His Excellency Ban Ki-Moon
Secretary-General of the United Nations
United Nations Secretariat
New York, N.Y. 10017
Re: 2015 Report on Children and Armed Conflict
Dear Mr. Secretary-General,
We are writing to express our concern regarding an outrageous campaign by Human Rights Watch (HRW) to influence your preparation of the Report on Children and Armed Conflict. In a submission to your office, as well as in letters and other publications, HRW is advocating for the inclusion of Israel in the annex of the Report, on a list that entirely comprises terrorist organizations, armed guerrilla groups, and militias associated with failed states.
Under the standards proffered by HRW regarding Israel, every Western country should also be listed in the Report’s annex, all the more so countries like Russia and Ukraine (to name two). However, this is not the case. In line with its ongoing attempts to criminalize Israeli actions and demonize its self-defense measures, HRW has chosen to single out Israel for censure.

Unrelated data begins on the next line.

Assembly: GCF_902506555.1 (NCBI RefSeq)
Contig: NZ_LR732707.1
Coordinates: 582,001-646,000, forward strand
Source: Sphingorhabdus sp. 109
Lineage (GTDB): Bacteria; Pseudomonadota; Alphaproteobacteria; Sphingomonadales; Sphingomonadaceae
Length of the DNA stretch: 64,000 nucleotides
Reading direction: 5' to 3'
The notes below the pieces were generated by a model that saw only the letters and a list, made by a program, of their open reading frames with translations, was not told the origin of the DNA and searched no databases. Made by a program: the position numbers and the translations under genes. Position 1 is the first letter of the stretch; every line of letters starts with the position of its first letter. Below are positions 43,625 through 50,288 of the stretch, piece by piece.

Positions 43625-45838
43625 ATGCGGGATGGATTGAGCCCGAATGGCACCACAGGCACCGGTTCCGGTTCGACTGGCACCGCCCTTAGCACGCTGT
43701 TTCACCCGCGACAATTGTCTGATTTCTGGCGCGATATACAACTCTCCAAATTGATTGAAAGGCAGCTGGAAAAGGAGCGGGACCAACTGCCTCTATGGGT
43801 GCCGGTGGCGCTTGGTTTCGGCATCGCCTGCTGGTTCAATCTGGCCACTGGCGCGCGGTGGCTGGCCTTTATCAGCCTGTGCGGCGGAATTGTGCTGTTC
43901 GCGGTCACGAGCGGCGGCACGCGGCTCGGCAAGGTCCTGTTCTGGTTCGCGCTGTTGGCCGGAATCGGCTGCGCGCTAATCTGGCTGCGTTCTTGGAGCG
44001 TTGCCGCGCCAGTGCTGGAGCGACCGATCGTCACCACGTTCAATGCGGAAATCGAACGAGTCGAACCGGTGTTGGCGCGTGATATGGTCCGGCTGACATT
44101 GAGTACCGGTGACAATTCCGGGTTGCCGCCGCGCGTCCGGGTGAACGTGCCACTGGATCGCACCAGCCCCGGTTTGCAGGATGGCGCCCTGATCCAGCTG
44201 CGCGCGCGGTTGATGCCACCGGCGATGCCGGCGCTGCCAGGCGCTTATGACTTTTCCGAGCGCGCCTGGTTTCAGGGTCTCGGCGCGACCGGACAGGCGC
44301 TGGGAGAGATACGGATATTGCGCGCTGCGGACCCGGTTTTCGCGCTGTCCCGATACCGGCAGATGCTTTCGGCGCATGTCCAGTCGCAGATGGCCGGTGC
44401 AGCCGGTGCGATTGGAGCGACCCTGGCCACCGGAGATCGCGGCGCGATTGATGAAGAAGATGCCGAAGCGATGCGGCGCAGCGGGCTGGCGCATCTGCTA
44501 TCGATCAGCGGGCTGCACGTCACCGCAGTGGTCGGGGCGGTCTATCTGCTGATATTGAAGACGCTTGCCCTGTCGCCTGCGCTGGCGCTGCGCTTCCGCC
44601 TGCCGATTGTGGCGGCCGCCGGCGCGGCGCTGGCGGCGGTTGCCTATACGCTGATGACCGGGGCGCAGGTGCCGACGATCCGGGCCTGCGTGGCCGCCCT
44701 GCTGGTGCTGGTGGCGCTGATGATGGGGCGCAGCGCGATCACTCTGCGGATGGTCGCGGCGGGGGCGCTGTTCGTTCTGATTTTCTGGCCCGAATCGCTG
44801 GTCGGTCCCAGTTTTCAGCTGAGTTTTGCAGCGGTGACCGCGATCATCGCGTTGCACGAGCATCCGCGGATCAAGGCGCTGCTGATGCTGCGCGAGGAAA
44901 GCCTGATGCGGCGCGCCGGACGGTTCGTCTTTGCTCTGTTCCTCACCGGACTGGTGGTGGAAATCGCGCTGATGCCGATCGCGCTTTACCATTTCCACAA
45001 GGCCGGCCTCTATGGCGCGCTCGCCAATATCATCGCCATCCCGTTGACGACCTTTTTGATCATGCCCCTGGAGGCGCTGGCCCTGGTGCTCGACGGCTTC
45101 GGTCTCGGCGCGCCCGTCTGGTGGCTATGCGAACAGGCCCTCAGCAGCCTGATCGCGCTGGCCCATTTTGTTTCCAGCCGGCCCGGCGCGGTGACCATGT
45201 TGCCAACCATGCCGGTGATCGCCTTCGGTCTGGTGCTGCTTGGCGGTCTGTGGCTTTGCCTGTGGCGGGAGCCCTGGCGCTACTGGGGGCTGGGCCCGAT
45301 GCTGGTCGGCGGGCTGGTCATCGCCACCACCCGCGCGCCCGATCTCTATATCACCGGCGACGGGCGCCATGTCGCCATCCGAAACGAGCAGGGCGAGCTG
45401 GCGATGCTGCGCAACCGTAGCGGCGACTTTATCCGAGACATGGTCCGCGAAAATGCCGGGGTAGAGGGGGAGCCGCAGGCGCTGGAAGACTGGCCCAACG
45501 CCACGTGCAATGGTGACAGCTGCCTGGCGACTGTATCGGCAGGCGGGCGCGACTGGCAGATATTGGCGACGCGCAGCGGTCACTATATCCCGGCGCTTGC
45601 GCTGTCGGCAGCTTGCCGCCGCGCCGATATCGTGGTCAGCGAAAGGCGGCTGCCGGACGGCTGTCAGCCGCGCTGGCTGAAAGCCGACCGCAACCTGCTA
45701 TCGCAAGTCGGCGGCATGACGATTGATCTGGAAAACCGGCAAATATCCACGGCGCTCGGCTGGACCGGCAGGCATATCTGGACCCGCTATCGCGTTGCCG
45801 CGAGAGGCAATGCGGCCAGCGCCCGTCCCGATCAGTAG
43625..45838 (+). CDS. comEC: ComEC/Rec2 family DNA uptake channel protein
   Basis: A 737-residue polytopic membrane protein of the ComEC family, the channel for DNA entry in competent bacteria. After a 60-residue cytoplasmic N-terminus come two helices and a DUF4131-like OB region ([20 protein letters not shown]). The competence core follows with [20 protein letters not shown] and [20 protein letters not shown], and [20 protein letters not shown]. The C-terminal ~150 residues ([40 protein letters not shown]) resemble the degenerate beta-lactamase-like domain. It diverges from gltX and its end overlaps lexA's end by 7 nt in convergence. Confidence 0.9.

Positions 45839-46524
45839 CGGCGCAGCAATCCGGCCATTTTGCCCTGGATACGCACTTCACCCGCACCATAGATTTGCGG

Notably, HRW’s June 5, 2015 letter to you omitted several grave breaches by Hamas, including the kidnapping and murder of three Israeli teens in June 2014, and its “graduation” of more than 10,000 children from armed camps training to be soldiers for the Islamic terror organization. It similarly ignored the dozens of children killed by misfired Hamas rockets within Gaza, including 11 killed at the Al-Shati refugee camp on July 28. In contrast, in every instance where HRW accuses Israel of killing children, the NGO did not have any access to information regarding targeting, military necessity,
or proportionality calculations in order to substantiate its allegations of unlawful killing.
HRW’s double standards and disproportionate focus on Israel is the result of several endemic problems with the organization. For more than a decade, NGO Monitor has conducted systematic research studies regarding the reporting practices of HRW. Our research shows the following:
1. HRW does not adhere to a consistent or rigorous research methodology in its publications.